UC Davis Health celebrates TCAR procedure milestone
Medical Center is first hospital in the Sacramento region to perform 100th Transcarotid Artery Revascularization (TCAR) procedure
UC Davis Health has performed its 100th Transcarotid Artery Revascularization (TCAR) procedure, becoming the first hospital in the Sacramento region to reach this milestone.
TCAR is a clinically proven, minimally invasive procedure to treat carotid artery disease and help prevent future strokes. Carotid artery disease is a form of atherosclerosis, or a buildup of plaque, in the two main arteries in the neck that supply oxygen-rich blood to the brain. If left untreated, carotid artery disease can often lead to stroke.
“With up to a third of strokes caused by carotid artery disease, UC Davis Health offers patients minimally invasive options such as TCAR to prevent future strokes with a faster recovery time and an increased chance of being discharged to home,” said Misty D. Humphries, interim chief of vascular surgery. “TCAR is an important option in the fight against stroke and is available to all eligible patients, regardless of their surgical risk status.”
In 2019, UC Davis Health became one of the region’s first providers to offer the TCAR procedure. The following year, the UC Davis Vascular Center was named a TCAR Center of Excellence for the high quality of its care team and patient outcomes for TCAR procedures.
TCAR is unique in that blood flow is temporarily reversed during the procedure so that any small bits of plaque that may break off are diverted away from the brain, preventing a stroke from happening. A stent is then placed inside the artery to stabilize the plaque, minimizing the risk of a future stroke.
Prior to TCAR, the main treatment option for severe carotid artery disease was carotid endarterectomy (CEA), an open surgical procedure. CEA removes plaque from inside the carotid artery to restore normal blood flow to the brain, but the large incision leaves a visible scar the length of the neck. It also carries risks of surgical complications, including bleeding, infection, heart attack, and cranial nerve injuries that can cause issues with swallowing, speaking and sensation in the face.
With up to a third of strokes caused by carotid artery disease, UC Davis Health offers patients minimally invasive options such as TCAR to prevent future strokes with a faster recovery time and an increased chance of being discharged to home.”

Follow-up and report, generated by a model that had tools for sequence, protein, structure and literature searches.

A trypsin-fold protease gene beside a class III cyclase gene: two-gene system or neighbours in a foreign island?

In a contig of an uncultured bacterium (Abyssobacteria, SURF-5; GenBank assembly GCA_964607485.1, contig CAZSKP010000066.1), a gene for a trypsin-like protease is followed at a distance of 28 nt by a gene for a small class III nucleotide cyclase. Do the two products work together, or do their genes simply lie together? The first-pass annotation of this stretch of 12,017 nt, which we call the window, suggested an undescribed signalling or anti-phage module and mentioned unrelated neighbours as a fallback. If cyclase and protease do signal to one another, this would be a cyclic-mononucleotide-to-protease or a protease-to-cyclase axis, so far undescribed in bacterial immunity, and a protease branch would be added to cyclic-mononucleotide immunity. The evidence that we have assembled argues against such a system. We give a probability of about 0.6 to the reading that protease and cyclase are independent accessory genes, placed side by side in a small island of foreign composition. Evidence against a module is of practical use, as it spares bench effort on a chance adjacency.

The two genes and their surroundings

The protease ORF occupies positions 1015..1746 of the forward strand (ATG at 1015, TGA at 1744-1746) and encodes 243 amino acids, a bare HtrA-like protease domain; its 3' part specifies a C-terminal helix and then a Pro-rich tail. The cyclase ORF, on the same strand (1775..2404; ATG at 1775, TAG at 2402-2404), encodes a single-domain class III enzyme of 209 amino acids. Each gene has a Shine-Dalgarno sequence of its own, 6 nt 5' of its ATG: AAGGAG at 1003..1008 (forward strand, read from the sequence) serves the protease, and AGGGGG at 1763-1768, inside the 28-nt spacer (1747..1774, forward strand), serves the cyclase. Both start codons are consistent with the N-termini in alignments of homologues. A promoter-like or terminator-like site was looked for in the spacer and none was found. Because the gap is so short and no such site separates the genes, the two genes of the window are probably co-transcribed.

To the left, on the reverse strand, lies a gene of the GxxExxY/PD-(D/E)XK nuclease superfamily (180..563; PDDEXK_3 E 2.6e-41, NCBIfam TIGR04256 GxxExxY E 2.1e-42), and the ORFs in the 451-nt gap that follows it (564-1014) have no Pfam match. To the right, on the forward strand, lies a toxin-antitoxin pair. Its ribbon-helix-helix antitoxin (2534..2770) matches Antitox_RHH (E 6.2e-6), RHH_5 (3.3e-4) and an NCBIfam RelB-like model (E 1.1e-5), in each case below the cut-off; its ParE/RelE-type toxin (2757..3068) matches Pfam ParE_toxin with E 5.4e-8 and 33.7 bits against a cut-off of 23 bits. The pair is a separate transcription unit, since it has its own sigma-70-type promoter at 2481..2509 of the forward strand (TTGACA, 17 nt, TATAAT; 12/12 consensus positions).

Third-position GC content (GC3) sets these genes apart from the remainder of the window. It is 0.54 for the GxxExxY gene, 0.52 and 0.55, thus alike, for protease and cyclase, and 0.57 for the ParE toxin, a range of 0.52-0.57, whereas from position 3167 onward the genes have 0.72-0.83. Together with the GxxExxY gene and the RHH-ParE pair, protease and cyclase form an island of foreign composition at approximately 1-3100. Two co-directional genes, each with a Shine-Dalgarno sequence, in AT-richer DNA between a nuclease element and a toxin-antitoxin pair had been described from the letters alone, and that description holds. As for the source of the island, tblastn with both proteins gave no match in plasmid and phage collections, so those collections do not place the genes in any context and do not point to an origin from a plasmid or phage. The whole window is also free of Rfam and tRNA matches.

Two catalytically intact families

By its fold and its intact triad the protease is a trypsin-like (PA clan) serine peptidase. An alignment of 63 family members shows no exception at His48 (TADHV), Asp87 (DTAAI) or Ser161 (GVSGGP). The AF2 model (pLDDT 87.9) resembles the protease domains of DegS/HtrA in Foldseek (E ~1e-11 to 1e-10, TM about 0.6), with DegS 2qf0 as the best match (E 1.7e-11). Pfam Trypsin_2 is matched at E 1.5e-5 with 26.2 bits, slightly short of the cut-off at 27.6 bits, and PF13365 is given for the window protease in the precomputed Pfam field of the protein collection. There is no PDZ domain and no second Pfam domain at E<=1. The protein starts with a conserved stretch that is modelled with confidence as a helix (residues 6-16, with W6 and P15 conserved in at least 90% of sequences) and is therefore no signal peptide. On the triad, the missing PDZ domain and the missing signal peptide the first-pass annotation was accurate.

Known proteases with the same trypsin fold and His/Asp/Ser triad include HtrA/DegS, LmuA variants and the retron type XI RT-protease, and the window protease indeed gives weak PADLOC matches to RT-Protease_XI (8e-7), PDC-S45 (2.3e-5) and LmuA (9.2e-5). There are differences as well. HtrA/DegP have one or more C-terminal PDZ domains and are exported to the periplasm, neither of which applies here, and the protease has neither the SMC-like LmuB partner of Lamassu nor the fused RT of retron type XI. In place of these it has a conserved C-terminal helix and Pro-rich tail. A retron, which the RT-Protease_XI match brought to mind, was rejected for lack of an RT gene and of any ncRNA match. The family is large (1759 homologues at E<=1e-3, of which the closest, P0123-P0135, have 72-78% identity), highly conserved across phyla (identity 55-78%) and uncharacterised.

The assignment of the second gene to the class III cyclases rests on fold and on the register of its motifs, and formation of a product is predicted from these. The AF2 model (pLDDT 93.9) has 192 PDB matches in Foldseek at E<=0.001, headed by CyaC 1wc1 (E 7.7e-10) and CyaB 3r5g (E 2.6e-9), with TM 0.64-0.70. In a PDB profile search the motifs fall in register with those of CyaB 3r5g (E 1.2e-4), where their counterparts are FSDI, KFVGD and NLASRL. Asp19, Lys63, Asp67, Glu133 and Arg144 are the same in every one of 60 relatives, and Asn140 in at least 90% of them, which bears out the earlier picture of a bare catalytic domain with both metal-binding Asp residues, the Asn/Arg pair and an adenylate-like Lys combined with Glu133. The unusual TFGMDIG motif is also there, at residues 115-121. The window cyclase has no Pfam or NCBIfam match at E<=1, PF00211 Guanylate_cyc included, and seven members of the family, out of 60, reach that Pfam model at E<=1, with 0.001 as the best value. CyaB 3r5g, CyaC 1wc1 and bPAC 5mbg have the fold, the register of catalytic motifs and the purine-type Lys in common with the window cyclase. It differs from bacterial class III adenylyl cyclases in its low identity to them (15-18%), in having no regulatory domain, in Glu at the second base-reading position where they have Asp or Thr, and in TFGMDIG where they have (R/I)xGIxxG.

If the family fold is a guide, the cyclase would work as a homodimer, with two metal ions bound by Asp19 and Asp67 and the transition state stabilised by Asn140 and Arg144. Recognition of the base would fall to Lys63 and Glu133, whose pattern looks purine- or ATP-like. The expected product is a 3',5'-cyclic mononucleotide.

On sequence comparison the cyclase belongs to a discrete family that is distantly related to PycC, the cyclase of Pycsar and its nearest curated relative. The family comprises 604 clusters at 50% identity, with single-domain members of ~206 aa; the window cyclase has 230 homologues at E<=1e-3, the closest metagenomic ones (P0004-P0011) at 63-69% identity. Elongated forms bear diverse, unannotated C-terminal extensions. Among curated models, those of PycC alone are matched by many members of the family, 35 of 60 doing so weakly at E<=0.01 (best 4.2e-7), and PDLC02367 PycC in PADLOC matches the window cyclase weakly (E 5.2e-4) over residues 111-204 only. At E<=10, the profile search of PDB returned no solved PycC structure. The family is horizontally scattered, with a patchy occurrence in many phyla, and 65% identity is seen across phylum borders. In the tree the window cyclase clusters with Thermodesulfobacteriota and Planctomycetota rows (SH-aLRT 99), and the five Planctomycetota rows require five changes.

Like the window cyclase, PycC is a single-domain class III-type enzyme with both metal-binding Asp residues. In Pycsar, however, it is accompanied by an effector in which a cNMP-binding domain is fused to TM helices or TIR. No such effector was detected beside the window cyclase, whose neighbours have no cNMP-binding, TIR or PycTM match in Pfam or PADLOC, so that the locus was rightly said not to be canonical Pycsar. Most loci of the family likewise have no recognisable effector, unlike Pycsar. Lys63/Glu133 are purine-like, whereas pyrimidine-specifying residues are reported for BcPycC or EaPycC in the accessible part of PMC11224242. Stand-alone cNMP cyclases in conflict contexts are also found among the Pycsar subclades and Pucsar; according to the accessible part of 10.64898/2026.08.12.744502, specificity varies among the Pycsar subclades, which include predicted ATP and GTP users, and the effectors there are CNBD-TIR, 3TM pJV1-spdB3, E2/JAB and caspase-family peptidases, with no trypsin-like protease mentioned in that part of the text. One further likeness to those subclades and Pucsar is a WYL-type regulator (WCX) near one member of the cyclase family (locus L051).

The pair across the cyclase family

“While CEA is recognized as a safe, effective surgery, it’s still a fairly major surgery that typically takes a couple of hours and usually requires general anesthesia,” said Steven Maximus, assistant professor of vascular surgery, who performed the 100th TCAR procedure.
To protect patients from a stroke during the TCAR procedure, a tube inserted into the carotid artery is connected to a system that temporarily directs blood flow away from the brain – ensuring any dangerous debris that dislodges from the artery won’t reach the brain during the procedure. Any material is captured in a filter outside the body, and surgeons filter the blood before returning it to a vein in the groin. The stent is placed in the artery while the brain is protected during this temporary flow reversal. The entire procedure is performed in less than half the time of CEA – limiting the stress on the heart and reducing the risk of the patient having a stroke or heart attack. And since it’s less invasive, patients who undergo the TCAR procedure recover quickly and almost always go home the next day with less pain and smaller scars.
“TCAR is an important option in the fight against stroke because not only is it less invasive than CEA, but there is also less chance of heart attack and nerve injury,” added Maximus.
The TCAR® system was developed by Sunnyvale, California-based Silk Road Medical, Inc. and includes the ENROUTE® Transcarotid Neuroprotection (N.P.S.) and Stent System – the first devices designed and FDA-approved specifically for TCAR. Over 40,000 TCAR procedures have been performed worldwide through clinical trial and commercial use. TCAR has been studied extensively, and the clinical data have been excellent.